The most popular explanation offered, when teams take the lead, it can be advantageous to sit back and create a defensive shell. By sitting deeper and sacrificing some of your attack in favour of defence you protect your lead. Furthermore, as the opponent struggles to break down the leading team, taking more shots from poorer situations, you can open up opportunities for the counter. Teams at +1 can therefore afford to take fewer risks and be more selective with their shots, taking fewer shots but from situations from which they are more likely to score.

So does the defensive shell hypothesis match the data? Well, we can test this by looking at expected goals by game state.

Expected Goals Ratio / Expected Goals per Shot

In short, expected goals (or xG for short) models are an attempt to weight different shots according to their likelihood of being scored. For instance, a  shot from 40 yards is generally not as valuable as one from the centre of the penalty box, and will therefore have a lower expected goals value.

xG game state

We can see here that despite taking 48.4% of the shots, teams at +1 have an xG share of 54.4%, fitting nicely with our defensive shell explanation and the bump in shot quality that teams at +1 and higher have can be seen even more clearly by looking at the average xG per shot (a measure of shot quality) and conversion by game state:

Rplot02 Rplot05

An alternative explanation

There is, of course, a competing explanation for these trends that I haven’t yet confronted. The sample of teams at +1 is likely to be biased; good teams with good players are more likely to spend time in a winning game state as opposed to bad teams and it would be unsurprising for these teams with better players to be taking better shots and converting at higher rates.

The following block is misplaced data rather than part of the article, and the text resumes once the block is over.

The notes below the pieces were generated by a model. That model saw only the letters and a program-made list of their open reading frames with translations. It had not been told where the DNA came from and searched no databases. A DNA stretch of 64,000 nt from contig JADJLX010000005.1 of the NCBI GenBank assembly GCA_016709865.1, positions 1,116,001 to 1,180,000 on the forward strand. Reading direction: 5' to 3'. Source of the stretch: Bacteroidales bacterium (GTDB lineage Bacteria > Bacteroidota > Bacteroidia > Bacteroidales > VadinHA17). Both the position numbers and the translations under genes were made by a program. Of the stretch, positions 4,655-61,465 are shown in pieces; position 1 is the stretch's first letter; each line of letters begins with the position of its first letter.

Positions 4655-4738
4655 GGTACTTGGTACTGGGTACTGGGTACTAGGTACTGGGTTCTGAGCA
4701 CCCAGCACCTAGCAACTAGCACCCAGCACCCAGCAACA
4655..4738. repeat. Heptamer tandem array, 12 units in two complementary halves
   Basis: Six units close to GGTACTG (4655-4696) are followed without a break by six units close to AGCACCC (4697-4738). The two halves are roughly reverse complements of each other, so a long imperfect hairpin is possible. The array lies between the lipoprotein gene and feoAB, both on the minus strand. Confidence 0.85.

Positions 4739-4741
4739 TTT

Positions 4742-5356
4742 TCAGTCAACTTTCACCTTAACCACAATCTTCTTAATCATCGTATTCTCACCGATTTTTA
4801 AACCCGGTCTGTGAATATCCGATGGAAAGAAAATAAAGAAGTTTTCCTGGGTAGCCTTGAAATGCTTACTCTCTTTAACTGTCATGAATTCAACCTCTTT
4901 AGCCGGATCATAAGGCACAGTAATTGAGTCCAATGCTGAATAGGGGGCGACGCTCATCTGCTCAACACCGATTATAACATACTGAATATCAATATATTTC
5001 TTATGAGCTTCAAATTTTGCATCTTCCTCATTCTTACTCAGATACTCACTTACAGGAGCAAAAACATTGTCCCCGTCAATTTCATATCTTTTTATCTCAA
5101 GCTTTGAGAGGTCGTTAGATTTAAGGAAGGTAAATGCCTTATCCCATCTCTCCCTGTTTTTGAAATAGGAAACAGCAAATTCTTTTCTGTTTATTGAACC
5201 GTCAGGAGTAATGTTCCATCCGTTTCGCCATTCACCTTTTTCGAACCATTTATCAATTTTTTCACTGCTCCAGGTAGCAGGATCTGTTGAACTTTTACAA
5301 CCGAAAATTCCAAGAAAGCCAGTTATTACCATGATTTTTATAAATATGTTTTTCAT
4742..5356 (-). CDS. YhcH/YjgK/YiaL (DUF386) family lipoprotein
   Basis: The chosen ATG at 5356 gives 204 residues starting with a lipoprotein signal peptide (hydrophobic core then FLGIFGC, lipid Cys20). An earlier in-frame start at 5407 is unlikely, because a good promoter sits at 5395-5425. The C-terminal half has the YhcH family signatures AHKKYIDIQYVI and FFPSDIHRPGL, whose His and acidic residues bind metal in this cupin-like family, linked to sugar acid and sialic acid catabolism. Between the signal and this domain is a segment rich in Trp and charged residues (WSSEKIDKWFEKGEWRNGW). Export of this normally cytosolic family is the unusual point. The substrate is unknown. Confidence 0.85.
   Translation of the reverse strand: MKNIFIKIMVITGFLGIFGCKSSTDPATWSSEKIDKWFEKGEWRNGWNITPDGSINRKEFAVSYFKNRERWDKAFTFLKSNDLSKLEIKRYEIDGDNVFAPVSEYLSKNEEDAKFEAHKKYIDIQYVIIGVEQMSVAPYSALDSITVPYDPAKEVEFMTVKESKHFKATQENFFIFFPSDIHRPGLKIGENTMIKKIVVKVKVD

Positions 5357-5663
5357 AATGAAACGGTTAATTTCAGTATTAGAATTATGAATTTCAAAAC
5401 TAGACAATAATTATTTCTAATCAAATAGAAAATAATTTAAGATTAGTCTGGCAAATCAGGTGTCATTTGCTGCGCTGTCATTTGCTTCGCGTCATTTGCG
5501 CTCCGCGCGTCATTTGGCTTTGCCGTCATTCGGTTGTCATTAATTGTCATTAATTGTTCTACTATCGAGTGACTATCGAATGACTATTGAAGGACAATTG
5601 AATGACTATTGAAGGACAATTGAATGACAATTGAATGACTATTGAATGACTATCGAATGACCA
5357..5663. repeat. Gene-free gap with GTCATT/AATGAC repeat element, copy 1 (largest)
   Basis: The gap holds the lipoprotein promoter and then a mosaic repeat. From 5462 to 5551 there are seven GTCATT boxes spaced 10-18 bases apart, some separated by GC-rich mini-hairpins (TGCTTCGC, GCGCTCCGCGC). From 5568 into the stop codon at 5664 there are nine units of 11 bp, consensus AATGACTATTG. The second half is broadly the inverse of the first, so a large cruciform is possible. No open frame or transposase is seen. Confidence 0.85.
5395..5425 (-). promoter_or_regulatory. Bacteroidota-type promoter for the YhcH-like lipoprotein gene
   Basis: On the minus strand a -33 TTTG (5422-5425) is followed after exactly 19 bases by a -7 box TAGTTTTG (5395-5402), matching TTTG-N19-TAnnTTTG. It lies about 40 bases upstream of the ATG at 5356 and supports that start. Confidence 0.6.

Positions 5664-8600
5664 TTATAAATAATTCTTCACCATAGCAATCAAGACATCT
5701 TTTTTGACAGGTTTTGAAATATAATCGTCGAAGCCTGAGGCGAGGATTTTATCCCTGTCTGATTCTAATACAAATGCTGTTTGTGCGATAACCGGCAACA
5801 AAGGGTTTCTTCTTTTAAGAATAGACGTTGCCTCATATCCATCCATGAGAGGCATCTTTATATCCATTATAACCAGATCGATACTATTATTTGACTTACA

If this were the case, we would expect the trend in xG share to disappear when teams of similar quality played each other.

To test this, I split the league into 4 groups of six teams, ranked by their total xG ratio, and looked at the trends for score effects only in games in which teams of the same groups played each other. This resulted in the following plot:


  • Green (Top 6 xG): Bournemouth, Middlesbrough, Derby, Norwich City, Ipswich Town, Brighton-and-Hove Albion
  • Red: Watford, Nottingham Forest, Blackburn Rovers, Brentford, Reading, Sheffield Wednesday
  • Blue: Wolves, Cardiff City, Wigan Athletic, Millwall,  Huddersfield Town, Rotherham United
  • Black (Bottom 6 xG): Bolton Wanderers, Birmingham City, Fulham, Charlton Athletic, Leeds United and Blackpool.

As we can see, despite the teams being grouped by model ranking, the effect remains. This evidence is more suggestive of the defensive shell effect; however, I would expect that the alternative explanation of sample bias also plays an effect, though perhaps a smaller one.

Closing point

With all this in mind, it is incredibly important to get the first goal in the Championship. If we look at this chart of goal share by game state, we can see just how hard it is for teams to clamber out of a losing position: